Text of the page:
Trends

Good News, Threesomes Are on the Rise

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The third Metropolitan Report was released on Monday. It gathered data from 18 to 39 year-olds living in cities around the globe with more than 5,000 interviews conducted in Hong Kong, London, Moscow, New York, and Sao Paulo. Among the findings was that 1 out of 5, or 20 percent, of men and women have had a threesome. That stat may seem mighty high, especially in the light of more conservative statistics from the past.

Almost a decade ago, in 2004’s ABC American Sex Survey, just 14 percent of women and men reported having a threesome. And in a 2010 survey conducted by Cosmopolitan and AskMen of more than 100,000 men and women, it was found that less than 10 percent of women confirmed they had a threesome.

Pick around the internet and you’ll find that threesome statistics are few and far between. “We just don’t have good data” on how many Americans have tried threesomes, Jennifer Bass of the Kinsey Institute in Indiana told New York magazine in 2009. If data has always run dry, what’s the cause for the sudden hike in threesome popularity in the studies we do have, especially for city dwellers?

According to the Kinsey Institute, women most often fantasize about being dominated, while men prefer to dream of group sex and dominating. Those rote fantasies haven’t changed in a while, so there must be a reason why women are increasingly ready to disrobe with, most often, another woman in tow. Perhaps the reason is just what the Kinsey Institute referred to as bad data: people will continue to grossly underreport a sexual encounter if they find it at all fetishistic or marginal. After all, group sex and ménage à trois still raise eyebrows and inspire pearl-clutching in polite social company, so women and men might hesitate to report a three-way in even more scientific environments.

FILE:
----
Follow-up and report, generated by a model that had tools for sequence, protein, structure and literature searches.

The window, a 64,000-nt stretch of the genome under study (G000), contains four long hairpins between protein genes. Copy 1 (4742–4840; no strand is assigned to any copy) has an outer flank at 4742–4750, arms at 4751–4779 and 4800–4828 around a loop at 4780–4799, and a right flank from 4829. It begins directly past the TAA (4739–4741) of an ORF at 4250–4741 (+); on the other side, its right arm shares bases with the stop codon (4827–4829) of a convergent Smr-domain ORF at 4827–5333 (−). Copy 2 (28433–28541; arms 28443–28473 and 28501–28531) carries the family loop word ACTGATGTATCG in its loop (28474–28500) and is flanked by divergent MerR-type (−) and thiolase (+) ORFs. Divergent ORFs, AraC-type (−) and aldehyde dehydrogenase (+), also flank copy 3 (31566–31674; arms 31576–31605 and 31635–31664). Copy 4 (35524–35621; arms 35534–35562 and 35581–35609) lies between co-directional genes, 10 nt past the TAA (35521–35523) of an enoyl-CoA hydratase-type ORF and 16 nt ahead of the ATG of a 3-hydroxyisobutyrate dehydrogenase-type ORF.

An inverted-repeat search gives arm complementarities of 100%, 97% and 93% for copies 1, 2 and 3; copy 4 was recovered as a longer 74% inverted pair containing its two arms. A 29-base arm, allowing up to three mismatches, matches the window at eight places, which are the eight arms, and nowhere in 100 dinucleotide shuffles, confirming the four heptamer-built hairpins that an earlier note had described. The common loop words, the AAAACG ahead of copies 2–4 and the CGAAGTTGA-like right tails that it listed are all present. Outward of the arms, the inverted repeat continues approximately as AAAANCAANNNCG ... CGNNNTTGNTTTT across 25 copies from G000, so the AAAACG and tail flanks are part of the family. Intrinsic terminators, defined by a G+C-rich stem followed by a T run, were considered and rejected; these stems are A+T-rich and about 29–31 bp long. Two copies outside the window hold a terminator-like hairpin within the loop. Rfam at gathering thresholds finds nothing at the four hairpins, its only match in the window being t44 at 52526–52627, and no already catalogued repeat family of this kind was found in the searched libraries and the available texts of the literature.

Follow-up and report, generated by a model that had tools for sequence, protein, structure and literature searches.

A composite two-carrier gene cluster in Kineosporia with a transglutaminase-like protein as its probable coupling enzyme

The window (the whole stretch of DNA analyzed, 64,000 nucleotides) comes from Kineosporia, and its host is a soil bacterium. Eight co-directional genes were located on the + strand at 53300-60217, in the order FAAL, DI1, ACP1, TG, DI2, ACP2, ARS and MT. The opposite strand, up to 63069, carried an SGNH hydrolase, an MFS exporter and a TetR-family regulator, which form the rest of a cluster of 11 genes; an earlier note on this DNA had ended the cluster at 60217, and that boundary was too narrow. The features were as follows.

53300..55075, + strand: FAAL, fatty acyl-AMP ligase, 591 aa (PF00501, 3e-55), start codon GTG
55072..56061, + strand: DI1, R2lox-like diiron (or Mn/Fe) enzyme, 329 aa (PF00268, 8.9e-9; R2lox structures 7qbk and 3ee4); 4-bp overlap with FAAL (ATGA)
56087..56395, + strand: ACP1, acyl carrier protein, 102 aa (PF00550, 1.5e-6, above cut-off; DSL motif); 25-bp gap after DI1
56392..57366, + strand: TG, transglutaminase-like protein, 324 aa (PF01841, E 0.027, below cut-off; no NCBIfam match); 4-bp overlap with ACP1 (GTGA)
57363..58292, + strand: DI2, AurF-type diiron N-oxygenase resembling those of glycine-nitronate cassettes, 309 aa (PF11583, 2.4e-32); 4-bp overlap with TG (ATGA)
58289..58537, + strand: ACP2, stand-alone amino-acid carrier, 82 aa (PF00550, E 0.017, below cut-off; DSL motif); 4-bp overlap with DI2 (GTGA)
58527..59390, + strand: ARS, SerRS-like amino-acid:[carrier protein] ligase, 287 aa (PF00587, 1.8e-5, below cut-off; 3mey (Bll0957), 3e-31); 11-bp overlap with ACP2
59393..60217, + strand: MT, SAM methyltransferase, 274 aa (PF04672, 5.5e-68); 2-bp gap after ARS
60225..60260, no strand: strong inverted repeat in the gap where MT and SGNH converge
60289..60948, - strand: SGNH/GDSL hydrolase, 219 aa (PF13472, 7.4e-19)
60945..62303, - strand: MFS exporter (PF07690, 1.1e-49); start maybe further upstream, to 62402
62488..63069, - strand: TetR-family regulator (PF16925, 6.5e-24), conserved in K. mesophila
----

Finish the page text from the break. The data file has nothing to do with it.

The other culprit might be the great media muscle of magazines, self-help books, and TV shows advertising threesomes as the cure-all for the wandering eye and savior of monogamy. Publications like GQ, Cosmopolitan, and YourTango frequently offer guides to navigating threesomes, the possible emotional fall-out, and the renewal and excitement that group sex can bring to a relationship. If the media view used to be that threesomes were the gateway vice to cheating, then 2013’s refrain is that threesomes are the missing spice. With the proliferation of that glossy sidewalk advice comes acceptance, and yes, survey data.

Increased accessibility is also a huge factor, with online casual encounter depots, like Craigslist, serving as a sounding board for anyone looking for a third. In a week alone, New York City’s Craigslist can receive 1,493 threesome posts, with the most common request, a man seeking a hetero couple, getting 571 ads. These aren’t rare desires, and their feasibility and  pace  is only hastened with the ubiquity of couples and singles looking for three-ways on both mainstream and niche dating websites from Plenty of Fish to Polyamory Date. The Three Way Dating Club advertises itself as solely a threesome matchmaking site operated by beautiful women, dropping phrases like “discovery” and “exploration.”

Threesomes have been creeping their way into our cultural consciousness since Casanova’s 1742 three-way with two sisters. Only now, whether it’s on Sex and the City, Gossip Girl, or Watchmen, the references are becoming more abundant, graphic, trivial, and even boring. If this decade is seeing the rise of the threesome, either we’re becoming more indulgent to our fantasies or we’re just much more honest with ourselves.

Image via Flickr.

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